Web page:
That night, we ate at Miradoro Restaurant, part of Tinhorn Creek Vineyards. Of course, killer views. And yes, we sampled their 2014 chardonnay, which got a 95 ranking this year from Decanter magazine, possibly the first Canadian wine to score that high. It sells for about $15 U.S.
From the magazine’s review: “”Very well made and Chablis-esque with a crisp green-apple nose augmented by nutty, mineral, light oak notes. To taste, it’s dry, crisp yet fruit-driven with nectarine and lemon-infused fruit framed by a soupçon of toasty oak, finishing with a graceful smidgen of minerality.”
Okay, as someone who likes a good wine, but is certainly no expert, I can say it was dry, not too dry, crisp and, interestingly, left a hint of almost sweet on my tongue. It went great with the pork scallopini and wild morel mushrooms.
What I really like about the area is the chance for unique experiences.
Bringing us to Covert Farms Family Estate.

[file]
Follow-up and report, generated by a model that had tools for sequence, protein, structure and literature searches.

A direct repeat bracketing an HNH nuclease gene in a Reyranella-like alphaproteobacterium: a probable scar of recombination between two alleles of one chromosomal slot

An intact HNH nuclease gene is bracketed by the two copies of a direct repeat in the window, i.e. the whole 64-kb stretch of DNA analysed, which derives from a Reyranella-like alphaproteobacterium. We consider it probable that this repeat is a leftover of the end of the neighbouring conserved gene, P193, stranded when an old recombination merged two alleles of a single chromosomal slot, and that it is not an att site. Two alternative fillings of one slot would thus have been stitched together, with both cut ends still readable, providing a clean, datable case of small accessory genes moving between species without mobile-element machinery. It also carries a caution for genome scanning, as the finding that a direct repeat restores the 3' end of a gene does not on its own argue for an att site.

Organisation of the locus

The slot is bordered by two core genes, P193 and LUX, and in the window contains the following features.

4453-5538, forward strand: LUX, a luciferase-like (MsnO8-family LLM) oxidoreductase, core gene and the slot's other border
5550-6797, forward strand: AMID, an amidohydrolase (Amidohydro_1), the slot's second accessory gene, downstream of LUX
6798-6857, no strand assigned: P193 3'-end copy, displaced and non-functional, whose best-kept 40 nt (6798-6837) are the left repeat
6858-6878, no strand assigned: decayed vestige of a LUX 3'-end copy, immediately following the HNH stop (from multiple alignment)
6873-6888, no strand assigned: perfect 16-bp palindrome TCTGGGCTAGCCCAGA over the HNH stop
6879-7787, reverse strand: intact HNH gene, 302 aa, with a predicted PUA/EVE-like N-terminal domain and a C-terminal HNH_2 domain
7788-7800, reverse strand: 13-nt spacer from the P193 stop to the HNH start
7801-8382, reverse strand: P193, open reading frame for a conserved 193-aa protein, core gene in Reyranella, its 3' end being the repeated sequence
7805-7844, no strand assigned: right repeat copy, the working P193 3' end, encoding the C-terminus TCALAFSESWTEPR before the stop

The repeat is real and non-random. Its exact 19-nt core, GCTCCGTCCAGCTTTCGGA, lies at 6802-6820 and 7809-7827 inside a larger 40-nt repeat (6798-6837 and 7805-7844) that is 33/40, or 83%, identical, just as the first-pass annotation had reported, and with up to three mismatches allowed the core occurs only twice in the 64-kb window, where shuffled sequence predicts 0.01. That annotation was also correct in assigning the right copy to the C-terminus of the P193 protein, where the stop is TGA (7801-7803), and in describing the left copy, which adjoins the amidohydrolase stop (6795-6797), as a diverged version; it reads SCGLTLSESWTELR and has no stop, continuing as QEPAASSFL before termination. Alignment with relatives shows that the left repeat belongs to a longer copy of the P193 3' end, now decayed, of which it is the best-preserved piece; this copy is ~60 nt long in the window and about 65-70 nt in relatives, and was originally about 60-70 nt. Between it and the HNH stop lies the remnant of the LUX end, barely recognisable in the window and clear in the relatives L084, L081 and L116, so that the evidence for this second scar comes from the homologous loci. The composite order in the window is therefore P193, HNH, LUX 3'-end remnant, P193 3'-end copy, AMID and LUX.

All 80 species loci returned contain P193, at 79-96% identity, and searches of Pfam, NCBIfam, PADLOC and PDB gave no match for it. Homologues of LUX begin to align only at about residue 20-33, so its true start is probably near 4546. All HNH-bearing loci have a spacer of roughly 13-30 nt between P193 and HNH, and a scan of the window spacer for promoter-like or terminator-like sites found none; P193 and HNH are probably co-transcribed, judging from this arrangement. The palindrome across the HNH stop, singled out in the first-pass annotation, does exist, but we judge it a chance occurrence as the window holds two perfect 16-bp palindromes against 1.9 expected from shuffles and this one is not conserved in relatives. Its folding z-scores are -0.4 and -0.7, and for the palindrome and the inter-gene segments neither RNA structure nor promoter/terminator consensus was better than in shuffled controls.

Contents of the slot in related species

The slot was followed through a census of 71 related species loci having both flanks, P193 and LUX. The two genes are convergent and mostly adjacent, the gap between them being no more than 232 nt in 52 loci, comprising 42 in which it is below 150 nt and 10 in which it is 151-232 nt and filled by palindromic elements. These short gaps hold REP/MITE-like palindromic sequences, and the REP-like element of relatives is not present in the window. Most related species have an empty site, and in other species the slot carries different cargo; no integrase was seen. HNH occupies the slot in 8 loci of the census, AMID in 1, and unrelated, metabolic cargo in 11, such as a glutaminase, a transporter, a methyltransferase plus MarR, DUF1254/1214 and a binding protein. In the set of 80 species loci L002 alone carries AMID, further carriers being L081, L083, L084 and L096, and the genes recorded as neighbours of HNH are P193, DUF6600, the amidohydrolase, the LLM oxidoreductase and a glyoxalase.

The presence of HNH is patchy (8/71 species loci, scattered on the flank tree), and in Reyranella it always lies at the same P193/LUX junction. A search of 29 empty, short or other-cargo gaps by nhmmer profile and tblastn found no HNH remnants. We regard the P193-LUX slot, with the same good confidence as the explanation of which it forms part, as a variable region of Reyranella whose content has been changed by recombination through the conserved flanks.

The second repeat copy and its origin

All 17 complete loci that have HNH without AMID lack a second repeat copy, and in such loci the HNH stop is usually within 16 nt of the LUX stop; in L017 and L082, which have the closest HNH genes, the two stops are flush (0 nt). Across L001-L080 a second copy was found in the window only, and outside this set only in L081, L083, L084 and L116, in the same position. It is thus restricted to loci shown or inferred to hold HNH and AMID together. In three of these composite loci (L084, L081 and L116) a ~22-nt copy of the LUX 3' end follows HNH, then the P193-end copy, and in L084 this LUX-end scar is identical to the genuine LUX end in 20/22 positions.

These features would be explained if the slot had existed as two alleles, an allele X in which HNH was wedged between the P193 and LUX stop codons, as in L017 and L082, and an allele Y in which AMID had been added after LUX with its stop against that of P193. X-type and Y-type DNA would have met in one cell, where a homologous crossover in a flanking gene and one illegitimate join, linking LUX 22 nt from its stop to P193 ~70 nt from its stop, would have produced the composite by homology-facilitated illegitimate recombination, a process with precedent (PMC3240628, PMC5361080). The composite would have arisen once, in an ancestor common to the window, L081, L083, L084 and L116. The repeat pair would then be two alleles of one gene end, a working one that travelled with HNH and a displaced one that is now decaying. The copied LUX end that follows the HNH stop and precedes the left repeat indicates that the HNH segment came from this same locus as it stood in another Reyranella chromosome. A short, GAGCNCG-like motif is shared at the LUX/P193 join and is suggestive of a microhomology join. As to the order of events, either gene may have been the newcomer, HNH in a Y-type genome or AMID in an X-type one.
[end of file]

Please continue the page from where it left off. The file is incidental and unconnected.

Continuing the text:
The cool thing is the tour. You start out visiting the animals … the pigs, the llamas, the cows. Then you climb into the back of a restored 1952 farm truck for a ride where, depending on when you come, you get to pick (and eat and eat and eat) strawberries, some of the 13 varieties of wine grapes, various veggies.
And you also learn about organic farming.
“We work WITH nature rather than against it,” said guide/chef/farmer Campbell Kearns.
“Our animals,” he explained, “are not for meat, but for their fertilizer … manure and compost. We’re all about building soil naturally and, in the end, we believe this produces food with a better taste.”
Well, the strawberries we inhaled certainly attested to that. Ripe. Sweet. Yum.
And then, there was the matter of the birds. The farm planted 2.5 acres of sunflowers TO ATTRACT the small, very destructive birds.
The concentration of small birds attracted hawks … “So now we have a resident group of hawks. They’re very uninterested in eating grapes, but very interested in eating small pesky birds.”
Then it was back to the wine lounge … converted from an old horse barn … to taste wines and snack on local cheese and assorted cured meats.
For the full experience, you can also add on a “Farm to Vine Signature Experience” dinner at Watermark Beach Resort in Osoyoos, which features a multi-course meal made with the food of Covert Farms.
We wrapped up our few days by visiting Backyard Farm.
This isn’t a winery. It’s two acres of heritage fruits and the most amazing meal served by Chef Chris Van Hooydonk and his wife Mikkel.